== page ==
13th > September > 2000 Archive
Rambus said today that NEC has signed a licensing agreement with it for next generation Direct RDRAM memory as well as licensing patents for synchronous memory and double data rate (DDR) memory.
Billions of tax dollars spent by the Clinton Administration on school computers and wiring brats to the Net are wasted at best, according to a scathing report released by the Alliance for Childhood Tuesday.
As Europe seethes with outrage over usurious fuel prices, OPEC's Web site was defaced Tuesday night by a vandal visibly upset over the cost of crude oil, which is now approaching ten-year highs.
Last last week, bargain hunters gleefully placed orders for drastically discounted DVD movies and boxed sets at Amazon.com, but were soon embittered when the company informed them that the prices resulted from a "glitch" and that it would therefore require them to pay the higher, regular price or cancel their orders.
The advertising watchdog has written to 100 ISPs urging them to clean up and stop misleading consumers.
IBM is to spend $200 million over the next four years to build seven Linux development centres in the Far East, Taiwan's Commercial Times reports.
News has leaked out that Hewlett-Packard has agreed to spend $17.5 billion on PriceWaterhouseCoopers' (PwC) consulting arm.
Indie rockers The Smashing Pumpkins have released their last album on MP3 in order to give their record label, Virgin, what they call a "final 'fuck you'."
MP3.com CEO Michael Robertson yesterday said the online music company will continue to talk to Universal in the hope of reaching a settlement to the two firms' bitter copyright dispute.
Ad agency group WPP is paying Esther Dyson $10,000 a day for her consultancy services. She's a main board director and chairman of WPP's web business wpp.com.
Oracle boss Larry Ellison is set to add another £1 billion to his fortune from share options he took last year instead of his regular salary.
BT has set up an emergency national control centre to keep tabs on the current UK fuel crisis.
It's one of the world's smallest and most isolated independent nations, it was known as the Ellice Islands when the British Empire was in full flow and it's now called Tuvalu, which means "cluster of eight" even though there are actually nine islands. It is also the lucky owner of the ".tv" domain name, which, as you can imagine, is a bonus.
I'm back from Crete and back into the way of the chip.
Motorists are flocking to a Web site which is giving a blow-by-blow account of the British fuel crisis and where to find the oh-so-precious supplies of go-go juice.
Software piracy in schools may be preoccupying Microsoft in the UK at the moment, but maybe the software behemoth would be better turning its attentions to India and China.
Kids portal - kzuk.net - is to sponsor the Computer Badge for 120,000 cub scouts in Britain.
Pop tart Madonna has a bit of competition for her namesake URL - from a US hospital. We told you back in, um when was it, last month sometime that the popstress wanted madonna.com which is currently held by online pornographer Dan Parisi. Back then we questioned whether she was more important that that other Madonna - the one that people have made statues about, usually with a little child (how many statues do you have sweetheart?).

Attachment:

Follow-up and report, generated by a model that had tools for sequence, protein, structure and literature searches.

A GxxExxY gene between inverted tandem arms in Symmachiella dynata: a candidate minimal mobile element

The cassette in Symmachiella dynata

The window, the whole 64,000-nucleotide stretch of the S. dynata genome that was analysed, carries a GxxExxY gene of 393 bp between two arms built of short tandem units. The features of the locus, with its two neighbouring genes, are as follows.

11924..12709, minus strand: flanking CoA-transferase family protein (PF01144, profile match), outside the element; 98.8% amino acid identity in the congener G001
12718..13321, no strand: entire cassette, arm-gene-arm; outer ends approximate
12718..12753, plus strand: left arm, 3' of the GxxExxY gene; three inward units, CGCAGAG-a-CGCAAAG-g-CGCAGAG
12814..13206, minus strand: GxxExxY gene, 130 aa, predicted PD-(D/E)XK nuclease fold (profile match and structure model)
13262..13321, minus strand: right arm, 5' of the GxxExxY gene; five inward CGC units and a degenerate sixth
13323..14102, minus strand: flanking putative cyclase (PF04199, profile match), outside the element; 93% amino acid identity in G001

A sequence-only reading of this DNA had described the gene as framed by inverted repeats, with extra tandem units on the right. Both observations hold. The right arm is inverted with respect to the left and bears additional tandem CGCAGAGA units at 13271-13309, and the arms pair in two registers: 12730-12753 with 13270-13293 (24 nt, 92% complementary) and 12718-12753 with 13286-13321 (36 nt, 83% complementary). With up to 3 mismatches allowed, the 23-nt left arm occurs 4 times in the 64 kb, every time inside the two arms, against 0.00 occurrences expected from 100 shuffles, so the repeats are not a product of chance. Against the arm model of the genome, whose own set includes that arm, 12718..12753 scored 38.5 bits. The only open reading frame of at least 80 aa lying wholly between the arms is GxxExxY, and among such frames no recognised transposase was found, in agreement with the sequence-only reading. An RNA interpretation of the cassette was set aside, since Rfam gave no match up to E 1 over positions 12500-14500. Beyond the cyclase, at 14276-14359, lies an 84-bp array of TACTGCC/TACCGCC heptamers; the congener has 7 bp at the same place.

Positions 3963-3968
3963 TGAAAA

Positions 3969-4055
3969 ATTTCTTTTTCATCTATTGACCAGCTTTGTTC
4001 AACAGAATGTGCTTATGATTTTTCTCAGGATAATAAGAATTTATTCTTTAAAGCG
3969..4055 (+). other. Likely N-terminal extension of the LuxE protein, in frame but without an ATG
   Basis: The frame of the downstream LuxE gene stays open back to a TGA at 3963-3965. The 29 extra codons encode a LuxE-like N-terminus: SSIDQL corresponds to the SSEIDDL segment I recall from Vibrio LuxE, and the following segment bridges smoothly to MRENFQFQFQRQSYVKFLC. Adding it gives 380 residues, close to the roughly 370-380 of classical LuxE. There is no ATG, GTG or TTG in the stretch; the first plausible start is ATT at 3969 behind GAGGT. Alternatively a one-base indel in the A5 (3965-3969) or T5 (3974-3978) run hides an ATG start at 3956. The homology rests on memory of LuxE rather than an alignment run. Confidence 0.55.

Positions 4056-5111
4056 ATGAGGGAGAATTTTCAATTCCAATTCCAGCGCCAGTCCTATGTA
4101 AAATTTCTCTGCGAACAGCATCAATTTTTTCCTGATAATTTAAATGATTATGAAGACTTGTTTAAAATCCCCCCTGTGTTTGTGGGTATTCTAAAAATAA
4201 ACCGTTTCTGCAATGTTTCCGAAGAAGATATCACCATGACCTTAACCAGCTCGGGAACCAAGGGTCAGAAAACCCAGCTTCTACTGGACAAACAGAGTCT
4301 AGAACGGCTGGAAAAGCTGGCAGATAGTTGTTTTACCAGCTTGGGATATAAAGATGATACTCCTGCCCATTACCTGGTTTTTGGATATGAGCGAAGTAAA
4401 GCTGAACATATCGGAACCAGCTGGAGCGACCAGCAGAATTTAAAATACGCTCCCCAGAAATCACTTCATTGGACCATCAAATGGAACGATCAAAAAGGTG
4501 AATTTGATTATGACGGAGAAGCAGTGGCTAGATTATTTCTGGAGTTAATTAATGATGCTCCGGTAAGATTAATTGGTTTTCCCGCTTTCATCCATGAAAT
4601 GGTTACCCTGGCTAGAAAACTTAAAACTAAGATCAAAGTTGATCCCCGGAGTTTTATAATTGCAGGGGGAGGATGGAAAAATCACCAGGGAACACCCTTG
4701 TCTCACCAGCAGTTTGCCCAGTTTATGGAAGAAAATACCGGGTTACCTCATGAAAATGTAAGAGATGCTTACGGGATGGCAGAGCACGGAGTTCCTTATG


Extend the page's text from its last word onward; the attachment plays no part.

A prize of $10,000 has been offered to any hacker who can break through the security put in place by the Secure Music Digital Initiative (SDMI), a coagulation of 175 companies from the IT, electronics and music industries.
AOL is to take a stake in US wireless gadget maker Cybiko.
Top marks to Dack.com for nicely deflating the new economy bubble with its oh-so-sharp Web Economy Bullshit Generator. As keen observers of the e-bah-gum-conomy, we're used to a worldwide web of vacuous verbiage thanks to the now never-ending supply of press releases announcing the launch of new B2B sites - or the collapse …
Televirtual - which describes itself as a pioneering cyber content company - reckons it's onto a sure-fire winner with a politically inspired talking head.
Metaphorical queues are already forming around the metaphorical block, not to buy petrol, but to lay hands on the latest (and last) revision of Windows 9X.
Here's an interesting idea that will never work. Sony has come up with an amazing way for you never to miss out on a particular song again. Using this staggering piece of machinery - called an eMarker - you can track down any song you hear on the radio. No more waiting for mumbling DJs or forgetting the name of that band.
In the days biggest "you started it" tit for tat contest, Creative Labs has confirmed that it will not be exhibiting at this year's CeBit in Hanover.
Well, two tankers complete with whirring police escort have gone down Regent Street in the last hour, Tony Blair's pledge to have it all sorted within 24 hours is blown, the petrol pumps are still dry and it looks like we've got a top-notch crisis on our hands. And we love it.
Received today: "BLACKBERRIES MAKE RIPE PICKINGS FOR ASPS. Following recent debate about the future of the application service provider (ASP) industry, Mi8 points to the launch of new mobile devices such as Blackberries to spur the steady growth. Mi8 is the only UK ASP to offer access to Microsoft Office, Outlook and Exchange via the Internet, delivering location-independent access to corporate applications. Early adopters of ASPs; mainly small businesses and start-ups…" etc etc, you know the sort of thing.
AOL chief Steve Case has booted Bill Gates off his throne in the ranks of the IT elite.